Update: Do refundable Arrival reservations justify keeping Sapphire Preferred?


In the most recent of my periodic, blistering attacks on the Chase Sapphire Preferred, I explained why I consider the "travel" bonus category to be a red herring:

  • "The Barclaycard Arrival isn't superior in earnings to the Sapphire Preferred for travel purchases;
  • "It's superior to the Sapphire Preferred for travel purchases because that's how you can leverage its dominant 2.22% cash back earning rate on all non-bonused (manufactured) spend."


Then on Sunday, when I wrote my wrap-up post on Frequent Traveler University, I shared something mentioned in one of the sessions on manufactured spend (and which had previously been shared with me by a few readers privately):

"Speaking of which, Barclaycard allows Arrival redemptions against purchases that are later refunded (tread lightly here)."

In response to a reader question, I explained that neither airlines nor credit card companies like to see a repeated pattern of refunded purchases, but that doing so occasionally in order to maximize your rewards probably wouldn't pose a risk of account closure.

While I did (accidentally) do this once, the fact is that I actually do spend a lot of money on travel, and I'm happy to capture my 60-70% discount by putting manufactured spend on my Arrival card and redeeming Arrival miles against those real travel purchases.

Updated Analysis

The fact that you can redeem manufactured spend against manufactured transactions undermines the first proposition I laid out: that travel purchases have to be put on the Arrival in order to leverage its high earning rate. The most extreme case would be saving up your manufactured Arrival miles until the end of the year and buying a single, $15,000 refundable first class ticket.

That way you would be able to put all the travel reservations you intend to honor on a Chase Sapphire Preferred and earn 2 Ultimate Rewards points per dollar on those purchases.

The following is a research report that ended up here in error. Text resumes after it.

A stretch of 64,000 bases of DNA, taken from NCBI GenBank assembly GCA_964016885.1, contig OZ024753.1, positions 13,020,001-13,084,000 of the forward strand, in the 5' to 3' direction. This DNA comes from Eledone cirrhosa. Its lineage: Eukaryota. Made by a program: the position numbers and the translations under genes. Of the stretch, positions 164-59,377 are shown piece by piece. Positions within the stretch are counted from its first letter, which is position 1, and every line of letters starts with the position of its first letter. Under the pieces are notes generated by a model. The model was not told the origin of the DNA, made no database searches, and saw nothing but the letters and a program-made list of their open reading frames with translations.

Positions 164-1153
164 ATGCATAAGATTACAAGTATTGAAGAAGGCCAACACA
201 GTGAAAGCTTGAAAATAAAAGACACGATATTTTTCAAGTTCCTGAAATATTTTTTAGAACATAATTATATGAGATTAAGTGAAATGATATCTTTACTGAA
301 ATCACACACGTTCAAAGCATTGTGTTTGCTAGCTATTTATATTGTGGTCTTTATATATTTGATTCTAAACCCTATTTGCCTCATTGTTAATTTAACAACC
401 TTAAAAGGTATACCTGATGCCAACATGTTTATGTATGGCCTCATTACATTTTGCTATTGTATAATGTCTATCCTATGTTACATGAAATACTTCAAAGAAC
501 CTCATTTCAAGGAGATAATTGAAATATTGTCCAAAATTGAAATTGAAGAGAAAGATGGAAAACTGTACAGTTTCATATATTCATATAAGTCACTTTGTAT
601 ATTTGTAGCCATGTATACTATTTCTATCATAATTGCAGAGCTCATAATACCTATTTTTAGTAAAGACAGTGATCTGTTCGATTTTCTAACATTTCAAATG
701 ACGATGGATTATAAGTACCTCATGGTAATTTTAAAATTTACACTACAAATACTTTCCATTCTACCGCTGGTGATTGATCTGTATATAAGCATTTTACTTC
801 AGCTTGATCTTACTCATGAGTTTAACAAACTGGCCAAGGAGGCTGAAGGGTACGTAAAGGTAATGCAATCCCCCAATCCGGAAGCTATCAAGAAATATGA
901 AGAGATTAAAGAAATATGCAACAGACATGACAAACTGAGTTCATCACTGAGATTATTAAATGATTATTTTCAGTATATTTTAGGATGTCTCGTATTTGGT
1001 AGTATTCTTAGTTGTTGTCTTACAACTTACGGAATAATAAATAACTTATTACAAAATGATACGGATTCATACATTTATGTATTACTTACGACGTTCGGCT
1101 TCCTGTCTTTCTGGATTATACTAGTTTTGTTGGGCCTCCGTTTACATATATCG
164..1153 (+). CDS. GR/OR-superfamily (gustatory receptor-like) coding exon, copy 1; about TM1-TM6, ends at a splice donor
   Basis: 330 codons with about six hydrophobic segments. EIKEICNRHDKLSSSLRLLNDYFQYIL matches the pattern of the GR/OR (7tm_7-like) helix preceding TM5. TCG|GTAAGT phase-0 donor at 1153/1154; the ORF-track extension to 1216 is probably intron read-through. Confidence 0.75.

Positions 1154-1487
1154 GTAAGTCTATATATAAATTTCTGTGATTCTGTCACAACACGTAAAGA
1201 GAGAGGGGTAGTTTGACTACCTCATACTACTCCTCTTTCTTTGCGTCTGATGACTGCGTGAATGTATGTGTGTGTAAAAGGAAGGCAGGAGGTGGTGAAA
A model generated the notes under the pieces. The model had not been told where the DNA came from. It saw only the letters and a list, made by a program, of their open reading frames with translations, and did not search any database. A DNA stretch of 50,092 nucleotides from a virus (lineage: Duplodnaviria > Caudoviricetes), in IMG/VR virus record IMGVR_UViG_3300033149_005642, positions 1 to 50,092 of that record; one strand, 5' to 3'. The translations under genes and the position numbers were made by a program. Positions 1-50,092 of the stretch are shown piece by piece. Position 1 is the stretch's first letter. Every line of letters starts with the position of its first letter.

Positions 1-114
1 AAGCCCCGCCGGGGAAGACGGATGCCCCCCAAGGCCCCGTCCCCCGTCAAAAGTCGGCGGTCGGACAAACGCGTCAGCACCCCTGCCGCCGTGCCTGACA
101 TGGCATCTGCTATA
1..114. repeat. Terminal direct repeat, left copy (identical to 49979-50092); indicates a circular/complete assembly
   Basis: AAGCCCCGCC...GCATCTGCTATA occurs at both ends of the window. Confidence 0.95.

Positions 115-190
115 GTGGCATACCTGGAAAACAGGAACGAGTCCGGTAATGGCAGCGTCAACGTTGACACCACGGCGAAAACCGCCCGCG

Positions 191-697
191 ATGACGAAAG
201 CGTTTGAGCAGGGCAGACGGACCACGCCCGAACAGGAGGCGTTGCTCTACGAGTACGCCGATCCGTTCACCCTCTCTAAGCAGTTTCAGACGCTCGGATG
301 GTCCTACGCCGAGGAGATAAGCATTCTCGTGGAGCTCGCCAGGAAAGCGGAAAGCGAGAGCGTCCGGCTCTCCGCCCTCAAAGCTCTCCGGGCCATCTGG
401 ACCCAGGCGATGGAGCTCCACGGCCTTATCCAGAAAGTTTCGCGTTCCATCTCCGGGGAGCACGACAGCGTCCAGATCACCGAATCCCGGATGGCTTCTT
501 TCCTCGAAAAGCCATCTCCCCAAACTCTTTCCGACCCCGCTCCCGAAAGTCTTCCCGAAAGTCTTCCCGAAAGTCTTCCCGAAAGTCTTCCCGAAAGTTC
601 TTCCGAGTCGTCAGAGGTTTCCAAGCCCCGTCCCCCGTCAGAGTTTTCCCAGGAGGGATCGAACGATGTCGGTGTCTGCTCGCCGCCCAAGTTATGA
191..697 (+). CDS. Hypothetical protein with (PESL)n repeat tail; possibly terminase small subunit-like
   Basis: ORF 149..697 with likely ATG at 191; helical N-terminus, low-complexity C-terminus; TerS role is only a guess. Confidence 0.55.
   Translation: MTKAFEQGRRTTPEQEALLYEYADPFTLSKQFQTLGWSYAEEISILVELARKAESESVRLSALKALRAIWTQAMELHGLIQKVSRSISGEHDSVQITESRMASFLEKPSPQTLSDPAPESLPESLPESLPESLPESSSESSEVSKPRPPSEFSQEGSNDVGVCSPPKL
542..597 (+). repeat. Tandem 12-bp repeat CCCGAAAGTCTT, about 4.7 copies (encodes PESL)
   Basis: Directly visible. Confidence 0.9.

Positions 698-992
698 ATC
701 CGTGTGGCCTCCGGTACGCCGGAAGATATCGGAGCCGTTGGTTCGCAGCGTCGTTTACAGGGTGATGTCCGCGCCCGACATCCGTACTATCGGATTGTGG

However, even without that analysis, my first argument, regarding the annual fee, still stands:

"Consider how much you'll have to spend in order to recoup the Sapphire Preferred's $95 annual fee:

  • At 2.5 cents back per dollar, you'll need to spend $3,800 in travel categories in order to earn back the value of the annual fee.
  • But it'll take another $3,040 to recover the $76 in value you would have earned from putting the initial $3,800 in travel spend on a no-annual-fee 2% cash back card!
  • With the conservative valuation of 2.5 cents back per dollar spent in bonused travel categories, you'll need to spend $6,840 before you start showing a profit."

This is obviously an attainable sum for very, very many of my readers.

And if you prefer to take the Sapphire Preferred's 7% annual dividend into account, just $3,551 covers the annual fee and $2,655 covers the foregone 2% cash back on that amount.

Whether you're using $6,840 or $6,206 as your "true" break-even point, a business traveler might spend that amount in just two or three business trips, while even a leisure traveler who has to buy tickets and hotel rooms for a family could easily anticipate spending that amount in a year on bonused travel purchases.

Was I wrong?

Sorry, but I'm not about to go that far.

While the Sapphire Preferred's 50,000 Ultimate Rewards signup bonus is terrific, the possibility of asking for a product change from the Sapphire Preferred to a second, third, or fourth Freedom card means that by keeping the Sapphire Preferred for an additional, paid, year you're foregoing (using this year's bonus categories as an example) 15,000 Ultimate Rewards points at gas stations, 7,500 Ultimate Rewards points at restaurants, and 7,500 Ultimate Rewards points at Amazon.com.

All while paying $95 for the privilege.